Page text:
(VIDEO) The first phase of the expansion and renovation of the Charles E. Maedgen Jr. Theatre adds a variety of spaces dedicated to research, learning and performing.
Step into the lobby of a theater building and you'll usually find yourself at the ticket box office or among fellow theatergoers during an intermission. But when you step into the lobby of Texas Tech University's new School of Theatre & Dance Complex, you're just as likely to find yourself in the middle of a rehearsal or a production, with students performing on the stage that spans the south end of the lobby, among the tables and chairs in the middle of the space or along the grand staircase that ascends the west wall to the second floor.
Multi-functional spaces like this can be found across the complex, which officially opened for business – show business, that is – Friday (Oct. 4) during a ribbon-cutting ceremony hosted by the Office of the President. Texas Tech President Lawrence Schovanec was joined by administrators, faculty and staff from the university, the J.T. & Margaret Talkington College of Visual & Performing Arts (TCVPA) and the Texas Tech University System at the ceremony, where they expressed gratitude to the donors who made the project possible and excitement at the possibilities for those who will learn, teach and perform in the new facilities.
"There is no higher priority at Texas Tech University than providing an extraordinary learning experience for our students," Schovanec said. "The educational process starts with faculty and staff, but a world-class learning experience depends on having state-of-the-art facilities. It is only through support of generous donors, such as the J.T. & Margaret Talkington Charitable Foundation, The CH Foundation and the Helen Jones Foundation, that our students and faculty have access to such facilities."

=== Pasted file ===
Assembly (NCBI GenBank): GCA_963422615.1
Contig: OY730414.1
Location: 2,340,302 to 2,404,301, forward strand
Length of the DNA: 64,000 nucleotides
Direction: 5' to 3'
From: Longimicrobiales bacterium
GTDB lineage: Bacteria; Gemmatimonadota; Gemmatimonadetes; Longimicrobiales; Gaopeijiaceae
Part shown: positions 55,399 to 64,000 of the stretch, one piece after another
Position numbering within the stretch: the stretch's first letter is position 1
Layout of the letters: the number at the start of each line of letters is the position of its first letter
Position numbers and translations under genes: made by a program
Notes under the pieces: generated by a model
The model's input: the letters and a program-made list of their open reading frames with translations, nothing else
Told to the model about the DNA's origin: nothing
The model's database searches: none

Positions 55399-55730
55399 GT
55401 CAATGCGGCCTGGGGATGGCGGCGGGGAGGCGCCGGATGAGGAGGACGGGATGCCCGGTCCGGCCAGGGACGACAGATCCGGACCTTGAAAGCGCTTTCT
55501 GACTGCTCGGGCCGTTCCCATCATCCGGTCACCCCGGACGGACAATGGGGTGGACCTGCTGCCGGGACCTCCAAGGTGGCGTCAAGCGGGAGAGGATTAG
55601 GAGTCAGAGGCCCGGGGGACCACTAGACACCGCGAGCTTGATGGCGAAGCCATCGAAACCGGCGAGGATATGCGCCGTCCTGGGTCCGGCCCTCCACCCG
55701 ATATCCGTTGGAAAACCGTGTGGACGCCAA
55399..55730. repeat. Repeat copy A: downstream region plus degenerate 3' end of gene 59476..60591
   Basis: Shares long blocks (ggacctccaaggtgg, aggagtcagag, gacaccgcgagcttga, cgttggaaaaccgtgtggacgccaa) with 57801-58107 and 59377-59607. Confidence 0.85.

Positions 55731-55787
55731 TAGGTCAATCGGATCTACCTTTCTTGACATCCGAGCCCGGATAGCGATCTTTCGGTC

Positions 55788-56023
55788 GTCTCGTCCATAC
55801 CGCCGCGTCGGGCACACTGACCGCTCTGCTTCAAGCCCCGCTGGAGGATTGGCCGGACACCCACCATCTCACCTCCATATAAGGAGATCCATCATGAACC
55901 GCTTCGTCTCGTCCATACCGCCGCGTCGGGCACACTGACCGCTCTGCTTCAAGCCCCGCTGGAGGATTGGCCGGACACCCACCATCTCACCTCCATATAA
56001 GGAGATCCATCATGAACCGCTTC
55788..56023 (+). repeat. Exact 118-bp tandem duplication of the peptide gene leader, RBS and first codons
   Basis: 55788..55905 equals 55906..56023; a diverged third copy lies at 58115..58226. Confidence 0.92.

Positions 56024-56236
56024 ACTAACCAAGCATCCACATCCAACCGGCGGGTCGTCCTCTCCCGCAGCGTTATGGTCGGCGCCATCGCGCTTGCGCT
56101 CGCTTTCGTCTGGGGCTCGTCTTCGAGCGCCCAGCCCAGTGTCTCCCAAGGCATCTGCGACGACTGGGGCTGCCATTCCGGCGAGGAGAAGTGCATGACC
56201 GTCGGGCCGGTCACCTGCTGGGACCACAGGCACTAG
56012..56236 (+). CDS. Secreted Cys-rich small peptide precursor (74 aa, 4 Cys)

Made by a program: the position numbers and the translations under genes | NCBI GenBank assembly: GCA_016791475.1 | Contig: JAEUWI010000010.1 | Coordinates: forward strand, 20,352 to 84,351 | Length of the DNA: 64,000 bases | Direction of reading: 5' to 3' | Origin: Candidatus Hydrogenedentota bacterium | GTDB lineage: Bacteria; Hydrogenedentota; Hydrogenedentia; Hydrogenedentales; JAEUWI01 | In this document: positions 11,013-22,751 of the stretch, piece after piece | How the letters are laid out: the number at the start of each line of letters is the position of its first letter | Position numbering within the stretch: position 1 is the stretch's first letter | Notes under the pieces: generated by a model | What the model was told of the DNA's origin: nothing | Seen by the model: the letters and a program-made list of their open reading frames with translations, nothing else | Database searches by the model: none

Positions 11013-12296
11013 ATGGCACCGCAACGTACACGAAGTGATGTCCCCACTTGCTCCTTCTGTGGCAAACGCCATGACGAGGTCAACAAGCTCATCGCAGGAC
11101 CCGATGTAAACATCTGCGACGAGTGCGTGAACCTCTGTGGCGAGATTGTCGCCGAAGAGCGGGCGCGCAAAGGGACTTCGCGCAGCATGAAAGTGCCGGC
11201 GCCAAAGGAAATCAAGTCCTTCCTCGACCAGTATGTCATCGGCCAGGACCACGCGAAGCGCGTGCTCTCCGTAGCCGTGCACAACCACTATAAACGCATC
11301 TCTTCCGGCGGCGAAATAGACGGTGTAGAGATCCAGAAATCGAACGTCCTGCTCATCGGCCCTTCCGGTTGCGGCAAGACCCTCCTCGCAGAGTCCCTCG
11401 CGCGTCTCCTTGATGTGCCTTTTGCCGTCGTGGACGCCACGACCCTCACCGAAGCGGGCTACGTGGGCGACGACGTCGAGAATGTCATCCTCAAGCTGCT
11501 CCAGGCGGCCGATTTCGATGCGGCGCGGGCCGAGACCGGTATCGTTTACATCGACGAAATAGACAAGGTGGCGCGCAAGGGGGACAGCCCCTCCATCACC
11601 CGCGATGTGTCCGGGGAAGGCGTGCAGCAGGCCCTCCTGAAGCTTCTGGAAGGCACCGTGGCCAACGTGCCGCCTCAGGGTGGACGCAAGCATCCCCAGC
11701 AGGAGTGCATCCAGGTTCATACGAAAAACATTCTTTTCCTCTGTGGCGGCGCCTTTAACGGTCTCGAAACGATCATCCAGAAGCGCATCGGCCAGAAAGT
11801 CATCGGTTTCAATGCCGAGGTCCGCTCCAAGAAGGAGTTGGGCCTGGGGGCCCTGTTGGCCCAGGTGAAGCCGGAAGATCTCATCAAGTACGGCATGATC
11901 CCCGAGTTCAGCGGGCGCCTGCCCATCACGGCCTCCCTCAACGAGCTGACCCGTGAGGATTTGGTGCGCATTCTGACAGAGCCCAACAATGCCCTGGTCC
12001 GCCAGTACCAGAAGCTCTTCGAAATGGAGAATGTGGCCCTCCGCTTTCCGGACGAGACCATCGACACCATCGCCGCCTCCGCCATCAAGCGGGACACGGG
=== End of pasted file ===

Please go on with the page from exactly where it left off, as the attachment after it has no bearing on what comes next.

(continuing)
The ceremony marked the completion of the first phase of the expansion and renovation of the Charles E. Maedgen Jr. Theatre, adding more than 50,000 square feet of space to the existing building.
"This college works hard, and the work we do is measured in years, not hours, as evidenced by the incredible careers of our alumni," said TCVPA Dean Noel Zahler. "Our programs in the community are numerous and touch the lives of individuals throughout Lubbock and the surrounding counties. The theaters, design laboratories, lighting laboratories, rehearsal spaces, makeup labs, classrooms/studios and collaboration areas in this building hold the promise that is our obligation to fulfill. We can't do that alone. Some would say it takes a village. Here, it has taken this university and the generosity of Lubbock to make it a reality. We have involved our entire community in creating this facility to harbor our School of Theatre & Dance."
The new complex brings together faculty, staff and students who previously had been located in several places across the campus.
"Theater and dance are built entirely on the idea of collaboration," said Mark Charney, director of the School of Theatre & Dance. "The irony, of course, is that, before, our faculty were everywhere – our costume shop was across campus, and our computer lab was in a basement across campus – when we in theatre and dance, above all, must come together to make our art. Now, finally, with the exception of the costume shop, which will move over in Phase Two, we are."